Both Zarathustra and the Augustine of the Confessions are messianic figures who present visions of lived time and make broader claims about history, doing so in literary, philosophical, and theological ways (while disturbing the boundaries between these categories in the process). My aim in the article is to show how both Augustine and Zarathustra divide up their time, periodizing their journeys using terms like ‘conversion’ and ‘metamorphosis’ respectively, and further periodizing history: Zarathustra’s time is like a gate between two paths in which the gate is the Augenblick that divides past and future, and Augustine’s time is a tension, intention, and distention in the soul that gathers the past and future into the present moment. Both figures mediate and periodize time in significant ways. Augustine’s time is teleological, and Zarathustra’s time is circular (He says, “All that is straight lies.”).

I hope that my article will also be read with this in mind. At the end of the article I praise Augustine and critique Zarathustra’s journey because the latter seems to fall prey to alienation (and I use this in the sense developed by Rahel Jaeggi), and not because Augustine is more intentional and teleological than Zarathustra (or Nietzsche for that matter). These distinctions are important, because the last thing I want to do is to set up a debate between Nietzsche and Augustine and have Augustine come out as the winner because he is more intentional and teleological. Instead, I think that Augustine’s providential pilgrimage is too coherent, and Zarathustra’s aimless wandering is not coherent enough – and here I am thinking specifically about the way that both periodize their autobiographical and cosmological narratives.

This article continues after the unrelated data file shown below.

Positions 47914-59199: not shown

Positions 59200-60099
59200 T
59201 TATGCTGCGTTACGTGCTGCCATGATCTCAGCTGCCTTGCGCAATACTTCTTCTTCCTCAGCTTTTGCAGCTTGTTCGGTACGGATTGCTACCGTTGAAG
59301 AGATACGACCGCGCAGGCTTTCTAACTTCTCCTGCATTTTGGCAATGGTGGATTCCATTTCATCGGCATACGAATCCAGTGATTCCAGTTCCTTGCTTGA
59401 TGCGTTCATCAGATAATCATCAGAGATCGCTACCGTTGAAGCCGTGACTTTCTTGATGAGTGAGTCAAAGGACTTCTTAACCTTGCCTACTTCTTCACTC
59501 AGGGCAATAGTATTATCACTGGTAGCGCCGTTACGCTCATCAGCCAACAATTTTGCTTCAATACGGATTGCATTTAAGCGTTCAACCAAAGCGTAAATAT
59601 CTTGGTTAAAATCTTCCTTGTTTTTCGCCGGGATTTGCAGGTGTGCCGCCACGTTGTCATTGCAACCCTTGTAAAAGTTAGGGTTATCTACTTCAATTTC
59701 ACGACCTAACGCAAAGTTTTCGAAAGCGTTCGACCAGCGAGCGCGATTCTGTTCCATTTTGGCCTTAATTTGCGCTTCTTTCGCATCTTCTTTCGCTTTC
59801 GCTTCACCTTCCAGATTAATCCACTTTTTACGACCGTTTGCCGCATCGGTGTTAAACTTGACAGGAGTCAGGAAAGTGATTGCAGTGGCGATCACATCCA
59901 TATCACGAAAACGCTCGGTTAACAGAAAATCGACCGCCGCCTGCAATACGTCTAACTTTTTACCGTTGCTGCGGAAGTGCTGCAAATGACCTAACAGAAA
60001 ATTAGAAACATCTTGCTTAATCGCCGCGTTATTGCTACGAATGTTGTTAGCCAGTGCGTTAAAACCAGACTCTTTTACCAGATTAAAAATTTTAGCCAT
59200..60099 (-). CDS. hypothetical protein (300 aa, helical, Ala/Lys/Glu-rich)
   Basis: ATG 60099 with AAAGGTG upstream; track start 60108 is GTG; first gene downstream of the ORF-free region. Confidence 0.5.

When I write about a postsecular history, I am trying to find a way between and beyond theopolitical periodizations that make either providential meaning or ateological meaninglessness compulsory. At the end of the article I do claim that “Zarathustra’s journey seems too incoherent and fragmented to lend anything constructive to the present postsecular situation.” But now I am not so sure. Although I think that Nietzsche does not give good resources for overcoming alienation, I do think that his critique of the straightforwardness of teleological time is a help to those who want to address the alienating aspects of modern, postmodern, and neoliberal life. I’m interested in finding ways to talk about providence that don’t fall into the simple distinction between the meaningfulness of all experiences and the meaninglessness of all experiences. I see Zarathustra and the Confessions as influential texts that have provided scaffolding for these questions, and which may still serve as guides for thinking about periodization and providence in the relationship between autobiographical and metaphysical time and history.